A year or two back, the hashtag #TweetlikeanMP trended – and it was fun. Inane tweets about meeting and greeting constituents, about party loyalty, about attending crucial meetings with business groups, lovely photo opportunities and so on. It was funny because it was, to a great extent, true – and because it revealed something about the way that our politics works. It also showed how badly MPs generally used Twitter – how they missed the opportunities that Twitter provides, opportunities to genuinely engage with their constituencies, to listen as well as to broadcast to the populace how wonderful they are. Opportunities to show that they’re human – and not just this remote, elite group looking down on the rest of us.
In the last couple of years, I’ve ‘met’ a fair few MPs who have been able to do it differently – to understand how Twitter can really work, and to engage with it. My own MP, Julian Huppert, is one of them – in practice, tweeting ‘to’ him is the best way to engage with him. I get answers – and real ones – most of the time, and I get the sense that he’s actually listening.He’s not alone – and it’s not been, so far, a party thing. I’ve engaged with MPs of all parties online, and of a wide range of views within each party. Michael Fabricant, Jamie Reed, Caroline Lucas amongst others – and members of the House of Lords from Ralph Lucas, Meral Hussein-Ece, Steve Bassam. I’ve even exchanged tweets with Nigel Farage. It felt as though twitter gave an opportunity to reach out to politicians, and to actually engage with them…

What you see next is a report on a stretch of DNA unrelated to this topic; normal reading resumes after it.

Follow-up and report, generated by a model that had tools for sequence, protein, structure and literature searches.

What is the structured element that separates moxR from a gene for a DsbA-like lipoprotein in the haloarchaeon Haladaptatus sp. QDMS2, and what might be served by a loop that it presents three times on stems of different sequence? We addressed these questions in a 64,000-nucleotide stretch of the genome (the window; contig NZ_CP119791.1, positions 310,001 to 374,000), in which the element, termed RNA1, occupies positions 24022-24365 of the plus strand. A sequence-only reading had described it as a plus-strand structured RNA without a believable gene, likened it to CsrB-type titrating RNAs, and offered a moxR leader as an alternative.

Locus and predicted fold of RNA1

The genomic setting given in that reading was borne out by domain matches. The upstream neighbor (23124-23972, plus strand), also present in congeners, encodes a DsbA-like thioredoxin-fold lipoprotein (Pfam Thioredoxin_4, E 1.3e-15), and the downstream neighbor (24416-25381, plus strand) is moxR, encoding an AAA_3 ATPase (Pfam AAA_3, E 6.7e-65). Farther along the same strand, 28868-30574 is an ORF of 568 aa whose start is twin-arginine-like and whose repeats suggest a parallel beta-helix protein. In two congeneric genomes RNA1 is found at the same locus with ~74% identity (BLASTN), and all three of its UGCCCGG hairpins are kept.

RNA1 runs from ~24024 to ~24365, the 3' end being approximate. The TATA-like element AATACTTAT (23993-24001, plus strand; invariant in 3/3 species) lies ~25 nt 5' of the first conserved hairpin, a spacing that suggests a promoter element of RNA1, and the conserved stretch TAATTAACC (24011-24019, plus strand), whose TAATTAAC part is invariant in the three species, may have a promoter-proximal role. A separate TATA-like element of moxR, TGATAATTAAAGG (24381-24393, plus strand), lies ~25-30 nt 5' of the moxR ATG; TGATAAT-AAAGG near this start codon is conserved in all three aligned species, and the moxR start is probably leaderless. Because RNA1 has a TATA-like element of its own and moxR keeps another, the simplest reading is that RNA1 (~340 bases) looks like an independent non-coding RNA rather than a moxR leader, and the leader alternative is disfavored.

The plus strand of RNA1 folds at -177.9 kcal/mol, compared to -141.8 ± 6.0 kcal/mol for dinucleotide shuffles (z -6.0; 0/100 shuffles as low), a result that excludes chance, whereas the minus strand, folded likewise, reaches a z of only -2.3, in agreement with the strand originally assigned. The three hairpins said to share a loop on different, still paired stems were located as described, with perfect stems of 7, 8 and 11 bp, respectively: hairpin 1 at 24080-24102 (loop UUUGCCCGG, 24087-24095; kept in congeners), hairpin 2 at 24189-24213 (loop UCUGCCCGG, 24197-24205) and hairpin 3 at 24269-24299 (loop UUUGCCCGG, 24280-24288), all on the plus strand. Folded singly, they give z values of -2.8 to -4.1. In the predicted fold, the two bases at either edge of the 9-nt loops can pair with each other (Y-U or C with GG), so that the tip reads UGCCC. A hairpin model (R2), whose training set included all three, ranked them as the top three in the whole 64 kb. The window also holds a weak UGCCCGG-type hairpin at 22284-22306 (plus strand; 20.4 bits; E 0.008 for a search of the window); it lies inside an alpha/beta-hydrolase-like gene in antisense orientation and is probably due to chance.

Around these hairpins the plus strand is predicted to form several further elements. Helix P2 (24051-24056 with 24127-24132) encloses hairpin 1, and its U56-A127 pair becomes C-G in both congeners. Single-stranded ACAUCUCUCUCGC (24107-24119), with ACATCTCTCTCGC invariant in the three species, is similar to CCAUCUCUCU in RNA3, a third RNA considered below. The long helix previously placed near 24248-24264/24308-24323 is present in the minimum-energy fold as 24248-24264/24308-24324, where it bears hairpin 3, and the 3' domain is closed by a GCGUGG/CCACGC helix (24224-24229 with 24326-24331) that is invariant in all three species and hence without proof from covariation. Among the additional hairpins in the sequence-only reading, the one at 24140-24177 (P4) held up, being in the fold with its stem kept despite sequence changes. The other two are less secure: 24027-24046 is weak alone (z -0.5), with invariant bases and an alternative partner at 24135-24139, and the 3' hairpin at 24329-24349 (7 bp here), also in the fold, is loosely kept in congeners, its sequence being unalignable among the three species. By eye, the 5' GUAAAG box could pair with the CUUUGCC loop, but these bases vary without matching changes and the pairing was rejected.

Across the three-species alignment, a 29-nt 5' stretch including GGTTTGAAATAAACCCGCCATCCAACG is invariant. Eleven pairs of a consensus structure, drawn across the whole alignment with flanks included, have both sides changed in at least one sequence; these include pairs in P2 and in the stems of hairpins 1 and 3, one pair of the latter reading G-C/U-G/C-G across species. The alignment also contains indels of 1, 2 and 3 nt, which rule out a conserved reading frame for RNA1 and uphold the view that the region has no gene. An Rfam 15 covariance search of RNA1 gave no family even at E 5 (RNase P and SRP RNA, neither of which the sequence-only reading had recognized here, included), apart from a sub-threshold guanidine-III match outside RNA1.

….which is one of the reasons I’m deeply saddened by what happened to Emily Thornberry last night. It’s not that I think her tweeted picture was anything but foolish, ill-judged, insensitive and revealing. It was all of those things… but the consequences are likely to be that MPs will retreat into their shells on social media. The way that she resigned just a few hours after ‘the’ tweet will have sent shivers down the spines of MPs across the spectrum – and party whips will be, well, cracking the whip, to keep their MPs in line for these next six months. We’ll see less humanity, less engagement, less humour – and much more ‘tweeting like an MP’ from everyone. An opportunity for politics to become more engaged will be lost – and at a time when the detachment of MPs from ordinary people is one of the main problems in politics, as Thornberry’s tweet sadly shows.
Of course there are other reasons to find yesterday’s turn of events saddening – from the level of abuse that Thornberry got on Twitter (regardless of what you think of the tweet, abuse like that is deeply unpleasant) to the fact that we’ve lost another woman from frontline politics, and another of those increasingly rare lawmakers who actually understands law has departed for the backbenches, at a time when parliament is trying to put through legal absurdities like Chris Grayling’s ‘Social Action, Responsibility and Heroism Bill’ (SARAH).
Don’t misunderstand me – in the circumstances I’m not at all surprised that Thornberry resigned, and I do understand why Labour MPs like Chris Bryant were so sure that she was right to do so. I do, however, think that the consequences may be wider than we suspect – and one part is that we’ll see far more MPs just tweeting like MPs, not like human beings. That, regardless of the rest, is sad.